An Objective Look at Gold Support Levels

01/26/2010 12:01 am EST


The December 2009 high in gold was projected by various market technicians to coincide with the $1,200 price level (based on a variety of cyclical, Fibonacci, and resistance studies), and once it headed south, it did so with little hesitation, dropping down to $1,075 in only three weeks.

The bear market rally that ensued was bullish enough to cause the faithful to believe that this was nothing more than a standard pullback against an intact uptrend, but nothing could be farther from the truth. In fact, basic cycle analysis confirms that gold is likely destined to fall at least another $50 to $100 (if not more) before it hits support levels strong enough to engender another round of base building. Let's have a look at the monthly chart of gold now (Figure 1).

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The strong downward thrust in gold's monthly cycle suggests that a move down to $1,025—the Fibonacci 50% support level—is very probable.

At present, monthly gold (continuous contract) is resting right at the Fibonacci 23.4% support level (calculated from the October 2008 to December 2009 upthrust), and as anyone familiar with trend reversal dynamics already knows, that particular Fibonacci retracement level is usually just a temporary stopping-off point before continuing with a move down to the Fibonacci 38% or 50% retracement levels.

The main reason this appears to be what will come to pass is the current state of the DBS10 cycle oscillator (blue oscillator at bottom of chart). It's in "hard-down" mode, with plenty of room to run before it reaches oversold readings. Given the high reliability of this oscillator to follow through, it appears that shorting gold here and anticipating a move down to at least the Fibonacci 38% level at $1,025 is a reasonably sane course of action. Just below that level is the March 2008 high at $1,014, an area of support that will be a line in the sand as far as determining the health of the long-term uptrend in gold goes.

Now let's check out the daily chart of gold, noting other coincident support levels that might also help establish a rational price target for those already short gold and/or for those ready to take the plunge.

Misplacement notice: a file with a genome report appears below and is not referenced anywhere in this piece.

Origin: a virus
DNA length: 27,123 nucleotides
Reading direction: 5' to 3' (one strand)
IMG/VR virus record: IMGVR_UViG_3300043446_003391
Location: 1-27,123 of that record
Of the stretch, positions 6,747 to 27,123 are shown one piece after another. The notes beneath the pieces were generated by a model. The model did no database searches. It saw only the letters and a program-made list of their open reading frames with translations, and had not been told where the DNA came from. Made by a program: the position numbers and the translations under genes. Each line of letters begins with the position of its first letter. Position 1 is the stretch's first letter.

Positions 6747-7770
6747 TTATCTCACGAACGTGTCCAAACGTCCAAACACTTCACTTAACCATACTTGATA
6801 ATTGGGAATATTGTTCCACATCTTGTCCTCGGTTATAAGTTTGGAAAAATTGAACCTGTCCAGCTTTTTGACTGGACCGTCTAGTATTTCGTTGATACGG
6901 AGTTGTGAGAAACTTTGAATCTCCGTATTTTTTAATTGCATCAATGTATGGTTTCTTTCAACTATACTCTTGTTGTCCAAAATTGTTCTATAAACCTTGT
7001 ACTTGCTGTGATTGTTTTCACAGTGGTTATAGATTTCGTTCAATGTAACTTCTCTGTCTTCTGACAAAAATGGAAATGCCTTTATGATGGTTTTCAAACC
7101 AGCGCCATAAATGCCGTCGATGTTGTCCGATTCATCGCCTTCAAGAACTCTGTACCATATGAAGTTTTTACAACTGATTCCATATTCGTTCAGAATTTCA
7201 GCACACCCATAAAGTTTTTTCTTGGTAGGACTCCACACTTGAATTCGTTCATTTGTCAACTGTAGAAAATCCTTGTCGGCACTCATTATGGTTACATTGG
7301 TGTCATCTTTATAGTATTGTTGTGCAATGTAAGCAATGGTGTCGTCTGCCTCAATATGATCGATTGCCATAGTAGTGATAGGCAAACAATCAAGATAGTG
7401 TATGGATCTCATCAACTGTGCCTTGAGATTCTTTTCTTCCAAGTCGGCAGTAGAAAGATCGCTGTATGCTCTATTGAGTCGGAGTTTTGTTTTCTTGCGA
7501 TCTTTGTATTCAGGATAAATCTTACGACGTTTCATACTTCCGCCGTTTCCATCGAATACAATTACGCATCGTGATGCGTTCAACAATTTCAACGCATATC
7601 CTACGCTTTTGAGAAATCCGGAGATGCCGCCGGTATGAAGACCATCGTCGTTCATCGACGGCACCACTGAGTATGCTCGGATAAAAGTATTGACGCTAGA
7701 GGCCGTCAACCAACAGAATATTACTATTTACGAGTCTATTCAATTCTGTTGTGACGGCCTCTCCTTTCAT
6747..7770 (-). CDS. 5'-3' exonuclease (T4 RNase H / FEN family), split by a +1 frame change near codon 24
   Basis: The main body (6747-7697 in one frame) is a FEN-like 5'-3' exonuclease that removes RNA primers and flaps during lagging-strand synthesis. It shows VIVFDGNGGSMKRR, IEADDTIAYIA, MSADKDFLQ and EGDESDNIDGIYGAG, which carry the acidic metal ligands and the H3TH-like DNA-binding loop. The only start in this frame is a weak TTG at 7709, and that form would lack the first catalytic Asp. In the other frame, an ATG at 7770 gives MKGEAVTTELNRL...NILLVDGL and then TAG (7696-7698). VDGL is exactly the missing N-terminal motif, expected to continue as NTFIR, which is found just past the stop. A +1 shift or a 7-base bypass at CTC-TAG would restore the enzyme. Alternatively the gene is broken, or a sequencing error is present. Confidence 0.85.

NEXT: Latest Analysis of Daily Gold Chart


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FIGURE 2: GOLD, DAILY. If December's low of $1,075 is taken out, $1,067 is the next Fibonacci support zone, followed by various supports near $1,030, $1,025, $1,014, and $1,010.

The daily Fibonacci levels (not shown here) tell a similar story. The 50% Fibonacci support comes in at $1,067, the 62% Fibonacci resides at $1,030, and the 200-day exponential moving average (EMA; see red line) sits near $1,010. With daily gold having made another convincing close beneath its 50-day EMA (yellow line on chart), there appears to be little support now other than the December swing low at $1,075 (see ellipse).

If this low is taken out, expect another wave of selling that should make the trip down to $1,067 in record time. Every tick in the gold market (0.10) is worth $10, so this could be a way to pick up about $700 in a session or two if the selloff proceeds as anticipated. For those selling near $1,095 (the price of April 2010 gold as I write this), a drop to that first daily Fibonacci level would mean about $2,800 in pretax profits. If you use the 50-day EMA (near $1,114.50) as your stop-loss, your initial risk on the trade would be about $950 and the profit target would be almost three times that at $2,800.

Given the powerful downward pressure in the gold market, finding a trade setup with a risk-reward ratio of 3:1 is a wonderful thing, especially since the monthly cycle is likely to move substantially lower.

More conservative traders can configure the same basic trade using GLD or with mini gold futures contracts. Run a three-bar trailing stop off the daily highs until the $1,067 to $1,070 area approaches and then close the trade down for a profit, especially if trading the full-sized COMEX gold futures (GCJ10) contracts. The February 2010 contract has much more liquidity than the April contract and should be the contract of choice.

This looks like a relatively low-risk trade, one that has plenty of technical and fundamental advantages in its favor. If your margin account can handle the action, this could be a memorable and potentially profitable daily trade setup.

Bottom line, there is little to hold gold up on the way down to the daily Fibonacci 50% retracement level near $1,067, especially if the December low at $1,075 is taken out on a daily close. Beneath that price zone, various Fibonacci chart and EMA support spans the range from $1,030 to $1,010, with the March 2008 swing high at $1,014 being of major importance in the overall scheme of things. Keep a close eye on price action, should it get that low, because there should be volatile (and probably tradable) moves in either direction if it arrives there.

By Donald W. Pendergast Jr. of

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